Here at Spinal Backrack we hear many myths about back pain. At the same time, we put our expertise and opinion to use in order to dispel some of these myths:
Myth Number 1: Surgery is the Answer.
A large number of back pain cases do not need any form of treatment or intervention at all to go away, let alone surgical intervention. Thankfully, there is a wide variety of non-surgical treatment options available these days, and as such, surgery is rarely the answer.
Spinal surgeries are irreversible and could lead to lifelong disability and should only take place in rare occasions, when all other (conservative) treatment options have been exhausted due to the nature of further complications that they tend to create.
Myth Number 2: Painkillers are an effective way to relieve back pain.
Painkillers do not really help relieve back pain. Instead, they may give the impression that your pain is addressed, as they mask the symptoms and provide temporary relief only. That is because they do not deal with the causes of the pain.
Myth Number 3: I have to live with Back Pain.
Thankfully, that is not the case. You don’t have to live with back pain. There is a wide variety of lifestyle adjustments and treatments you can consider in order to relieve your pain.
The first step you can take is to pinpoint the cause of your pain and see if there are any lifestyle changes you can make to improve your spinal health. For example:
- If you tend to slouch a lot or have poor posture, you can work on your spinal muscles and improve your posture by decompressing your spine.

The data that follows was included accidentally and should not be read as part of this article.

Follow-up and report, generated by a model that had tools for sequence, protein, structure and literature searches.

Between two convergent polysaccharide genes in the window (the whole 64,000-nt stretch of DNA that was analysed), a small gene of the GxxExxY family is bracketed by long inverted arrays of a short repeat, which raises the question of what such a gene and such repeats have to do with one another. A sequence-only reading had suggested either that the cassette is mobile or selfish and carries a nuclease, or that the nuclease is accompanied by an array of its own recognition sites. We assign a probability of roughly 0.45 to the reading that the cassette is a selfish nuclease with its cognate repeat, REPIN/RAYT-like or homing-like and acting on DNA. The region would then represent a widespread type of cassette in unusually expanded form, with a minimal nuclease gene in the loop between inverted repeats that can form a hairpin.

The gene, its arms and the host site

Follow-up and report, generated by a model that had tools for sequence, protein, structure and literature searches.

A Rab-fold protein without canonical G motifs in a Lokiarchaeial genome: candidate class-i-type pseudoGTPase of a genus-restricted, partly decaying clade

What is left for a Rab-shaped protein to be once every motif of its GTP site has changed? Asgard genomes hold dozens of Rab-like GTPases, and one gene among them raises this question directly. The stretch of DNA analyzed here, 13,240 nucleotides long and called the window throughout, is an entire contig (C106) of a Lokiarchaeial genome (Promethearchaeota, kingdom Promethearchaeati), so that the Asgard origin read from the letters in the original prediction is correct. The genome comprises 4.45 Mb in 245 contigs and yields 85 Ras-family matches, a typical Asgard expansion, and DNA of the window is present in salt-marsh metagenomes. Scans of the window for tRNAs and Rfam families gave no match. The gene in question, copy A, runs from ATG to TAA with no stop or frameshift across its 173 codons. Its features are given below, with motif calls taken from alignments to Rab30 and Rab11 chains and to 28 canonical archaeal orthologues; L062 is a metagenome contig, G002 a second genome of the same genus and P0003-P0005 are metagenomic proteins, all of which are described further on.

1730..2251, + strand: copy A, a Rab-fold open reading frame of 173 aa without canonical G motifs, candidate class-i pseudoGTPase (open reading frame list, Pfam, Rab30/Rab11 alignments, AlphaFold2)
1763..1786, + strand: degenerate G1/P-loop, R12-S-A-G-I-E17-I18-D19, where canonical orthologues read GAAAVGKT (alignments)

- If you tend to wake up with back pain, it may be because of your sleeping position or the quality of your mattress. As such, you can try to adjust your sleeping posture by using pillows or investing in a good, medium-firm mattress to properly support your spine while you sleep.
Myth Number 4: Bed rest helps.
Bed rest may be helpful if it doesn’t extend over a long period of time (more than a few days). By staying in bed for too long, our backs may actually become even more stiff and painful.
On the other hand, it is actually recommended that you engage in physical activity, even if it is mild. It doesn’t have to be something intense, as even walking around the house is better than lying in bed too long.
If you can, it may also be useful to engage in specific back exercises (flexion, extension, aerobics, strengthening the core) or even physical therapy if you are also struggling with mobility issues related to the spine. At the same time, it is not recommended to have someone perform spinal manipulation, as this has to be performed with caution, especially if your spine is quite frail.
Myth Number 5: Stretching helps relieve back pain.
Stretching may feel nice, but at most it only helps relieve some tension, and not directly relieve back pain. That is not to say that stretches are not beneficial at all, but they are not really efficient when it comes to pain relief.
Instead, you may want to engage in a specific type of stretch, or back exercise, known as spinal decompression.